St. Peter Med Staff President: Dr. Richard Redman

January 8, 2024

Get to know Dr. Richard Redman, St. Peter Med Staff President:

  1. Where are you from?
    • I grew up in Denton, MT. Population of about 300 people. My dad was a carpenter before he and my mom took over the local hardware store. I’ve lived in Montana, North Carolina, and Washington state.
  2. How long have you been with Providence?
    • Since July 2009. We were private practice (South Sound Pulmonary Associates) when I first came here. We contracted to cover the ICU and inpatient pulmonary consults. We joined PMG in May 2016.
  3. What thing(s) are most important to you personally/professionally?
    • My family and balance are most important to me, although I’m terrible at balance. We love the outdoors (mostly hiking and camping). We like to travel, but aren’t very good at planning trips. We are working on getting better. My wife and I cycle and enjoy hiking, camping, and backpacking.  I like yardwork. Dust and clutter cause me to feel sad and stressed out. We like Seinfeld and New Girl. We are grateful to support our son’s blossoming soccer career every single weekend.  
    • I enjoy the balance of inpatient and outpatient work that pulmonary and critical care provides. Our specialty provides good opportunity for getting to know people and manage their long term illnesses, learning and performing procedures, and managing complex critically ill patients. Bronchoscopy has evolved a lot over the past 10 years, and this keeps things interesting. I enjoy our multidisciplinary approach to lung cancer diagnosis and treatment. This has also evolved A LOT and has been quite rewarding. Palliative care is important to me. Helping family members during this journey has been surprisingly one of the most rewarding parts of my job.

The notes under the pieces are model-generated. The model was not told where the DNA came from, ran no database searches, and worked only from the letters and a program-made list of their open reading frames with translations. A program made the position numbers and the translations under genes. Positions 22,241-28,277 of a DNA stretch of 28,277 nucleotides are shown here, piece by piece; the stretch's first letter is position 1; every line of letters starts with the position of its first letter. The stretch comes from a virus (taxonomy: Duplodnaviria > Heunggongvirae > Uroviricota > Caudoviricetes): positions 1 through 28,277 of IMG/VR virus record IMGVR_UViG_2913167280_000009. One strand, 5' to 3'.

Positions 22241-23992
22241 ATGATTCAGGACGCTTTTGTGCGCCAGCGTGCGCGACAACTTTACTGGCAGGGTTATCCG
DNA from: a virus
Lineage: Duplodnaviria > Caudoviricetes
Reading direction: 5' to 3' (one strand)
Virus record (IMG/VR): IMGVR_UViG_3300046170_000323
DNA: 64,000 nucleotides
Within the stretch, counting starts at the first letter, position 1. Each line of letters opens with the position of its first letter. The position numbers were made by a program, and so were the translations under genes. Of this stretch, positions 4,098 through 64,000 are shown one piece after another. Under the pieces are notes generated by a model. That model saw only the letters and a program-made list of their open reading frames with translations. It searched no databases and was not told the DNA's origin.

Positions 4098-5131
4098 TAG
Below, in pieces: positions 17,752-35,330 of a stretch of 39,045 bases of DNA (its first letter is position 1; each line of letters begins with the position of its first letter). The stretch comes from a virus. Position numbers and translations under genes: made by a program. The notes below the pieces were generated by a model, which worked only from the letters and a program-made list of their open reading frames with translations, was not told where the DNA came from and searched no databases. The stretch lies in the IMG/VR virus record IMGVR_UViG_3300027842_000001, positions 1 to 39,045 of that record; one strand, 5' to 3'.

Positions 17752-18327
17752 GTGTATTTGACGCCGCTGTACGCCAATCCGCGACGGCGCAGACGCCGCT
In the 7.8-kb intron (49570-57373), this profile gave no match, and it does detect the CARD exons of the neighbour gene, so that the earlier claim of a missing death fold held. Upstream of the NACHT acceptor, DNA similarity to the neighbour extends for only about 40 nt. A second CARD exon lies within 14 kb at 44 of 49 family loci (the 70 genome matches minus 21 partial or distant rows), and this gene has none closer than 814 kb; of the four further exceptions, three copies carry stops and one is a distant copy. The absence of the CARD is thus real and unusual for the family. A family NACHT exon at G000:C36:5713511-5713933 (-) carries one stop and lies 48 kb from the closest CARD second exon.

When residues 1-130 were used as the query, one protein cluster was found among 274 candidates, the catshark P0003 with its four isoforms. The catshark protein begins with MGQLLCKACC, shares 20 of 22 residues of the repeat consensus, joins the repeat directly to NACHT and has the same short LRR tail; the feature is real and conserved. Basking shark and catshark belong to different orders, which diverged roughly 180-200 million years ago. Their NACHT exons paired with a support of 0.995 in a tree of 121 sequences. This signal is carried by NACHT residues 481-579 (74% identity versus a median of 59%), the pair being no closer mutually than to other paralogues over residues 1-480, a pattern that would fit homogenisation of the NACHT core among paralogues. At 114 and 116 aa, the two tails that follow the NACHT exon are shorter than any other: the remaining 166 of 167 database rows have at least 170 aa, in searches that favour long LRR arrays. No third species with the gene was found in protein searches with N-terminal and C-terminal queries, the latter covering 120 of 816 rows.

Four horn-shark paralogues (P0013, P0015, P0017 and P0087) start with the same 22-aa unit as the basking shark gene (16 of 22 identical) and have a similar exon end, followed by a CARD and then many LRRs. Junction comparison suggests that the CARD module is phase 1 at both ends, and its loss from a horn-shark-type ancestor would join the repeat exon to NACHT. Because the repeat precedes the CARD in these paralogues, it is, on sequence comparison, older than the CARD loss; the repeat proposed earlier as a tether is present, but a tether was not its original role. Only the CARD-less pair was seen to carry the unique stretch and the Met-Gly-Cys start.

4. Why did you decide to get involved in leadership?
    • Probably because I’m not good at saying no. I’m not sure I’m very well cut out for leadership, but I keep getting asked to do things, so I must do something right or everyone else is smart enough to just say no. Probably the latter. I think I’m pretty good at hearing everyone’s side of a situation and seeing the big picture. I most of the time remember why we are here (to help people who are sick and prevent healthy people from getting sick) and I grew up in a place where we really had minimal access to health care. This helps me keep things in perspective. Providence and our entire healthcare system has a TON of problems, but I know we are very lucky to work here and a lot of places are functioning on a different level. There are things we always need to be trying to make better, but we are also very luck to live and work in a pretty good place.
    • I’m pretty level headed, and people seem to respond well to that.
    • I hate telling people that they messed up. This is a huge challenge for me, and something I’m always working on. That being said, I think people know I hate doing it, and so the conversation always seems to go OK since they can tell I’m trying to be their advocate and not their judge.
    • Having a pretty visible presence in both the inpatient and outpatient worlds has also been helpful. A lot of people know who I am (for better or worse)
  5. What would you like to accomplish as med staff president? What things do you think are most pressing?
    • Mostly to survive it.
    • I guess our first order of business is getting the new bylaws passed. I’d also like to see us improve our peer review process. We have a lot of work to do to improve our accountability and make sure people stay competent in what they are doing. I’d like to see us develop a system where we can still be advocates for our providers, continue to bring in new technology, give people tools to stay current, but also hold ourselves accountable when things don’t go as they should.
    • I’d also like to see us become more efficient at credentialing people and improve communication between the med staff office, new candidates, and our leadership.

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